By Joe Livernois
I melt into the human flow, the fellowship of Alvarado Street on Saturday night of Car Week. There’s a Bentley. That’s a Rolls. Oh God, an Alfa Romeo! I notice stuff like that. Most people do. How they respond when they notice will inflect the stories they will tell about this night.
The flow moves me past the Dali Museum. That is Dali up there, an image on a building; the eyes above that mustache look down upon the crowd. Two hundred men and woman line the walkway above the entrance to the tunnel, behind the museum. It’s dark back there, except for the headlights that illumine the faces in the crowd. They cheer whenever a car goes by with a driver who plays the crowd. Honk. Burn rubber. Gun it. Repeat.
A woman in a gypsy dress notices my dog. Buster is his name. She thinks he’s cute; she wants to feel his fur. Buster is unsure, worried. I don’t blame him. It’s noisy here. Too noisy. Cheer, honk, burn rubber, gun it. The woman Is not interested in the cars or the crowd. She had turned to Buster as a kindred spirit — but she is too desperate, I fear, because Buster is not having it. It’s a lot to ask of a little dog, to expect it to fill the hole in the soul.
I get a video on my phone of the scene around the tunnel. I like it because everyone is having fun. They had improvised this entire thing, cheering the fancy cars when the drivers notice the crowd above, and the recognition feels like communal accomplishment.
The Conference Center remodel must have been designed with the Sotheby’s Auction in mind. Vintage cars are on display out front, cars moving in and out of the huge first-floor conference room as the auction progresses.
Temporary wire fencing separates the display vehicles from the peons. The lucky people, the elites, wear their passes on lanyards, which are the passcodes for everything that happens during Car Week. The lanyarded are allowed through a break in the fencing and they disappear inside the auction hall. Local Rotarians control the spectator traffic, and the club is getting paid handsomely for their efforts. I don’t have a lanyard, so I stand on the other side with hundreds of others. I know some of the Rotarians, but I don’t want to put them in a bad spot by asking if I might sneak through the gates.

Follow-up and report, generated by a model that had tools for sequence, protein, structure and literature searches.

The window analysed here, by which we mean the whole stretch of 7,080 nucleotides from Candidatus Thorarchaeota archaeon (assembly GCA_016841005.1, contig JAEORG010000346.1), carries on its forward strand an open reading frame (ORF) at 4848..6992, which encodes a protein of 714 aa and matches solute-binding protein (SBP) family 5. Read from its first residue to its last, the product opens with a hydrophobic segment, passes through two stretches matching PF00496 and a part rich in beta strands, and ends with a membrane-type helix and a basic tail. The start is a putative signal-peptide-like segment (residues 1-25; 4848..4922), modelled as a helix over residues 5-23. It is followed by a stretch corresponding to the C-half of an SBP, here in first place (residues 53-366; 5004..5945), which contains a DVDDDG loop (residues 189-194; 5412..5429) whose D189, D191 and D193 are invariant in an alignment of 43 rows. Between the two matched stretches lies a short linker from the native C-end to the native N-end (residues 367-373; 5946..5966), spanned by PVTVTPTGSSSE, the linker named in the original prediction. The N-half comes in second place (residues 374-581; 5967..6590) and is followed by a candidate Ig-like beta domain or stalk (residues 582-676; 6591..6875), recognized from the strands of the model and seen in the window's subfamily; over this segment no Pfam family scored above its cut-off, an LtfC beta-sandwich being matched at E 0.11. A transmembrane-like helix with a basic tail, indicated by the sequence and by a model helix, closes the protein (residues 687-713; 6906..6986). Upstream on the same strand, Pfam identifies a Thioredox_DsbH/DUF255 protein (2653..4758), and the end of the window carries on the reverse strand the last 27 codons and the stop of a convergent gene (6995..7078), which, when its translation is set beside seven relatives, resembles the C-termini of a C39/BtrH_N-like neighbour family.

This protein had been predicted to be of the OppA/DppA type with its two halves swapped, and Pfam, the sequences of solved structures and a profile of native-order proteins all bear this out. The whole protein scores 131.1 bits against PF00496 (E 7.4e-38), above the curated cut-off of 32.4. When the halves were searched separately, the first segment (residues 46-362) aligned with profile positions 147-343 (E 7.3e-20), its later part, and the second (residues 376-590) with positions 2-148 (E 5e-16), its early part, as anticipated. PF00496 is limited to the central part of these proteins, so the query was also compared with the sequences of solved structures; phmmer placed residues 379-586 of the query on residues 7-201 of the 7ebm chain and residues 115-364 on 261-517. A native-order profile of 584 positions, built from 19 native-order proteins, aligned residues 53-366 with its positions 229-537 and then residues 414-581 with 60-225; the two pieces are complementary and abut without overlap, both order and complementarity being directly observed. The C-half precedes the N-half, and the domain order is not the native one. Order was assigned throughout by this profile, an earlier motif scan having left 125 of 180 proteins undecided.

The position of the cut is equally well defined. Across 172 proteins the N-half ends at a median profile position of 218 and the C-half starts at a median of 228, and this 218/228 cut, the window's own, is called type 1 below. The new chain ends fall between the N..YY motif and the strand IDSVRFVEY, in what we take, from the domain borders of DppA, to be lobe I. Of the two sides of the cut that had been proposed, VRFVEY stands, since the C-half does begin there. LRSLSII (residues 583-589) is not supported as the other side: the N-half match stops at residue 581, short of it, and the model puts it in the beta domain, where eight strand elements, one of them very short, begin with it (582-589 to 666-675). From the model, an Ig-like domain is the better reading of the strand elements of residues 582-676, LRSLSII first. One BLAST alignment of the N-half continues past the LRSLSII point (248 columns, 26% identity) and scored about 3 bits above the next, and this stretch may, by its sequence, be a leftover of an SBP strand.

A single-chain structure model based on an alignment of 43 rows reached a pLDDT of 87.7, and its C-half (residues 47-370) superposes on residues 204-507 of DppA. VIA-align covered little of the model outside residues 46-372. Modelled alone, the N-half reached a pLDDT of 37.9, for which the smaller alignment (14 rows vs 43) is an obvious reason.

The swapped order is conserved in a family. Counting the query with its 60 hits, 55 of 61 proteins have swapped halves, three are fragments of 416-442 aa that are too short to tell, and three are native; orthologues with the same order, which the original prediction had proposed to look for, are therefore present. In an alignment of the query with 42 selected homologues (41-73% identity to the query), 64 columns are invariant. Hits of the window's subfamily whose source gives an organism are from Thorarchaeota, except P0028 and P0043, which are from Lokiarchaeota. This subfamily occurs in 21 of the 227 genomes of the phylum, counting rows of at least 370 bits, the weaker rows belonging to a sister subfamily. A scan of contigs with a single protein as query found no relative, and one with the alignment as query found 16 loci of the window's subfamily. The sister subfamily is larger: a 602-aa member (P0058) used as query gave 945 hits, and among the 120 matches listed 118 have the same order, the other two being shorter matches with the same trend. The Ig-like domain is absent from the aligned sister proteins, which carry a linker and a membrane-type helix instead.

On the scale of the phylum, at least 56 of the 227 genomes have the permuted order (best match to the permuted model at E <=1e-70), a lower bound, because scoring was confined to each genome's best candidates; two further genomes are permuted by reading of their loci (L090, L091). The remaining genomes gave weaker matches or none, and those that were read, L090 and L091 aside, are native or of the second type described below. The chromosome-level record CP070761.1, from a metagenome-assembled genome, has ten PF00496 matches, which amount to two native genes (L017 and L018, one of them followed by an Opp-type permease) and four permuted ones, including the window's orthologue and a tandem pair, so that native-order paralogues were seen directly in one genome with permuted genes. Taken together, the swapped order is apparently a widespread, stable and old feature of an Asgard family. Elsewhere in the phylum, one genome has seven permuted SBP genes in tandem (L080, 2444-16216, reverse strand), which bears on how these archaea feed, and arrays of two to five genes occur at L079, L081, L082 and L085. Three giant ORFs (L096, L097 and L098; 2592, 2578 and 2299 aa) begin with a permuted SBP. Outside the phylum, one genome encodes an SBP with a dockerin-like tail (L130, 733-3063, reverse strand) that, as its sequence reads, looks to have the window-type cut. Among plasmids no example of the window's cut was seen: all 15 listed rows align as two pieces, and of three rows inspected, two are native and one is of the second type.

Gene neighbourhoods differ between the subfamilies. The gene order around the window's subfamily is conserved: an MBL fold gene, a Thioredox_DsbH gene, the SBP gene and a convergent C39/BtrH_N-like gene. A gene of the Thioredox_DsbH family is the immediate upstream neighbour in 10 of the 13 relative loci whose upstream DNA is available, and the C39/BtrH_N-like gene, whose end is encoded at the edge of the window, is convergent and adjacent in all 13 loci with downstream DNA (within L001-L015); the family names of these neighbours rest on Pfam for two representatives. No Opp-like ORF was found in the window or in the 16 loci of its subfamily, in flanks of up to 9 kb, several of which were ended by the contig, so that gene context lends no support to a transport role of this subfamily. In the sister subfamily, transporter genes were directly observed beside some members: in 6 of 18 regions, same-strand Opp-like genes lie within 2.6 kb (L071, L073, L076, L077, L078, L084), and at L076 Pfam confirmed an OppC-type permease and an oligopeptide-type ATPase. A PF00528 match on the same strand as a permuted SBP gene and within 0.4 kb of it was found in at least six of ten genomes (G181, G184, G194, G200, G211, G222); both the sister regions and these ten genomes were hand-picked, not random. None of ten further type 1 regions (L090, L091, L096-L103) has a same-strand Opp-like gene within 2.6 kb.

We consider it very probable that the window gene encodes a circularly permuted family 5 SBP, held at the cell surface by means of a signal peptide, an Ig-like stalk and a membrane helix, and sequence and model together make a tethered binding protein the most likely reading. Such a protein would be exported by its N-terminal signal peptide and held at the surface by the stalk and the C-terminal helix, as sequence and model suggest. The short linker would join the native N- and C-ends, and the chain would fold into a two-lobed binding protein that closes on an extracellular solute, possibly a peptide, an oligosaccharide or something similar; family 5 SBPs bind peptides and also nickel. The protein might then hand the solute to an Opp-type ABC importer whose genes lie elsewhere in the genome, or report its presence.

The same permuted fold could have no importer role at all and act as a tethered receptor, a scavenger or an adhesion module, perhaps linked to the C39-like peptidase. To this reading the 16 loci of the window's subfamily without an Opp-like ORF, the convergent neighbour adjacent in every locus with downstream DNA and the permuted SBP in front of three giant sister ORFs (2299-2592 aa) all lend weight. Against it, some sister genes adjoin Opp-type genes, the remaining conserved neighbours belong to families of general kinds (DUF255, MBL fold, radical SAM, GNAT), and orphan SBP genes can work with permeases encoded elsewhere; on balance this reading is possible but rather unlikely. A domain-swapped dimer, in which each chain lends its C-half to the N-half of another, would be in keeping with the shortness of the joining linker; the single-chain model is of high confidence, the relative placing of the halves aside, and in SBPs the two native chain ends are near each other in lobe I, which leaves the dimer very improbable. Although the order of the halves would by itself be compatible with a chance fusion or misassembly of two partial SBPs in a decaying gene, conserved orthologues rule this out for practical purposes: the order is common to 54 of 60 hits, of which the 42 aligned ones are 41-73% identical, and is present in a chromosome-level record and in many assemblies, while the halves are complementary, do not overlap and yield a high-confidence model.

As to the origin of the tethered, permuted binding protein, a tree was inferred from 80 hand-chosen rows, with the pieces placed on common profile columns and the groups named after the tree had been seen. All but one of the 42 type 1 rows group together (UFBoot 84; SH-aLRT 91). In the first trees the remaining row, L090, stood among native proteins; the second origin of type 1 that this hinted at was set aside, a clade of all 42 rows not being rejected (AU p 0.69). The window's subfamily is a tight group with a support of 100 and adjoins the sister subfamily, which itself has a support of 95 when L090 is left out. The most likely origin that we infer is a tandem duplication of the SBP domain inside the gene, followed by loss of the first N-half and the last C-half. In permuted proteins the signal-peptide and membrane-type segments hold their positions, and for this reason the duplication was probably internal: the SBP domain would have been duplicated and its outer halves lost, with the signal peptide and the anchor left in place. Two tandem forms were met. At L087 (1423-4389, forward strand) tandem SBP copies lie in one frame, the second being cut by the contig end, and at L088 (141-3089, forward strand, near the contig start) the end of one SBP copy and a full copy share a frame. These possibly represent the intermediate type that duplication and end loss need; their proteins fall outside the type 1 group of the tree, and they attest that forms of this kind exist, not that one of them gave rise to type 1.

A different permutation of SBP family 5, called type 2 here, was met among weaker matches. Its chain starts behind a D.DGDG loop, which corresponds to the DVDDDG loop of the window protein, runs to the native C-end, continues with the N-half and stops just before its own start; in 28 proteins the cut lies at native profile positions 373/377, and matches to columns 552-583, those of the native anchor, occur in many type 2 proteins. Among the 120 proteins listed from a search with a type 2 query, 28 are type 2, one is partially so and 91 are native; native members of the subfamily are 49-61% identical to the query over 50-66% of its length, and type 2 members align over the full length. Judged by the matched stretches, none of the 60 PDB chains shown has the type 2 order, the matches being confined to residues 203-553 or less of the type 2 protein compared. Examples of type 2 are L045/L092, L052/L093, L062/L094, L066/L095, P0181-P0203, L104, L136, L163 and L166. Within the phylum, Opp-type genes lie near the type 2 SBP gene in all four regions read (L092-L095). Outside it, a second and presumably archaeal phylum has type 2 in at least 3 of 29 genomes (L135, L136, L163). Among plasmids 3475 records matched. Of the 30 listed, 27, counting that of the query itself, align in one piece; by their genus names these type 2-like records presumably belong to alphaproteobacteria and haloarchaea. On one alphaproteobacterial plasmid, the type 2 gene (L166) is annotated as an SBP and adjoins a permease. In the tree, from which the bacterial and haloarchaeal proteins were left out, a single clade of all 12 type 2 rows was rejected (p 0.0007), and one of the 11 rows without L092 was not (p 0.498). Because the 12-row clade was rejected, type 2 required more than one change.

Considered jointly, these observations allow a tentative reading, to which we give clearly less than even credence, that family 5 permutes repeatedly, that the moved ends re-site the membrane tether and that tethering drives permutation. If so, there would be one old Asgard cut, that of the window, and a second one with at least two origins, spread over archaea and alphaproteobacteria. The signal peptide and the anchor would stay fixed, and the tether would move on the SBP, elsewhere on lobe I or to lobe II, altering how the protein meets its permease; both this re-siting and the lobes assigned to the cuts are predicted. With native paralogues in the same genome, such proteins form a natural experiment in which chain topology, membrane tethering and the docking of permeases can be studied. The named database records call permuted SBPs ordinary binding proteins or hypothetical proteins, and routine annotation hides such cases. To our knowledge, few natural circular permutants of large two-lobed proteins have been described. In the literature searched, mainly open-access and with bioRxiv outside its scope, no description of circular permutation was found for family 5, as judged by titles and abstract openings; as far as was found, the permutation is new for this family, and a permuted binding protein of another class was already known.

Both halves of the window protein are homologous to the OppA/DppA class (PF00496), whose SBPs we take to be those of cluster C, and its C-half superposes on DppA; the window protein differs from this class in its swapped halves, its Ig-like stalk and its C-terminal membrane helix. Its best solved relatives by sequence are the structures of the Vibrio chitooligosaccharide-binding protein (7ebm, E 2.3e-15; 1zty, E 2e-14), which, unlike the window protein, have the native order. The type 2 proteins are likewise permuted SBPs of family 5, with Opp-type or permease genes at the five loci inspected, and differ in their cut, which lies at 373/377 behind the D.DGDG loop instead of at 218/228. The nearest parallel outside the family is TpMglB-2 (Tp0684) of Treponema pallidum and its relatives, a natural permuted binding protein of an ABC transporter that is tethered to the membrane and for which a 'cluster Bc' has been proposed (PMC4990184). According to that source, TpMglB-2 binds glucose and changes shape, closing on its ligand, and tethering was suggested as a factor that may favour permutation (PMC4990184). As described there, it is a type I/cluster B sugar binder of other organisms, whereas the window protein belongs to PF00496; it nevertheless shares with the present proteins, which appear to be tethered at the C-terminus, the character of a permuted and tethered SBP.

Anyway, the peons can see the cars coming and going from the auction hall if they’re willing to wait. The vehicles come and go like rodeo bulls, pulled from their pens for their brief moments in the spotlight, before being herded back through the crowd for storage.
The auctioneer’s voice comes over loudspeakers. He’s got a soothing voice. We might not be able to watch what is happening inside, but we can hear. I happen to be there when the Ferrari hits the auction block. The 1962 Ferrari 250 GTO. The murmur of anticipation spreads across the crowd. Even the people without lanyards know what this means. This is the one, the car everyone has been waiting for. The gold standard of rare vehicles, this one could sell for up to $60 million. Ten minutes later, it is sold for $44 million. “That’s a really good deal,” someone says. Even at $16 million less than its potential price, word spreads that $44 million is a record price for a vehicle. As it turns out, some people pay attention to auction vehicle prices like baseball nerds track batting averages.
The new owner of the 1962 Ferrari 250 GTO isn’t identified. The tacit understanding is that if you have to ask, you don’t belong there.
Around the corner, from a pitiful little stand at the Custom House Plaza, a merch guy sells posters commemorating this year’s Sotheby’s Auction in Monterey. I might not be able to afford a vehicle, but I can hang the poster.
Buster and I return to Alvarado Street, against the flow, on the way home. I see the woman lugging canvas shopping bags filled with her belongings.
I run into the woman around downtown quite often. She’s homeless, but she keeps herself up and she is unfailingly friendly. She lugs four or five of her bags to a spot about 100 feet away from where she starts, then retrieves the other bags. She’s probably got about a dozen bags and she moves about the city in a series of bag movements: back and forth, back and forth, then another 100 feet forward. A friend I know has tried to convince her to accept a wheeled cart, as a gift, so she doesn’t have to do it that way, so she won’t have to lift all that weight. But she won’t take it.
The woman recognizes me because of Buster; she’s seen us around. She nods and smiles faintly while she moves a couple of bags from one place to the next. It’s almost 10 o’clock at night, and the party on Alvarado is just getting started. At that moment, I hear a roar from the crowd out front of the Convention Center, a half block away. The Ferrari is being driven out through the crowd.
The $44 million Ferrari.
Have something to say about this story? Send us a letter.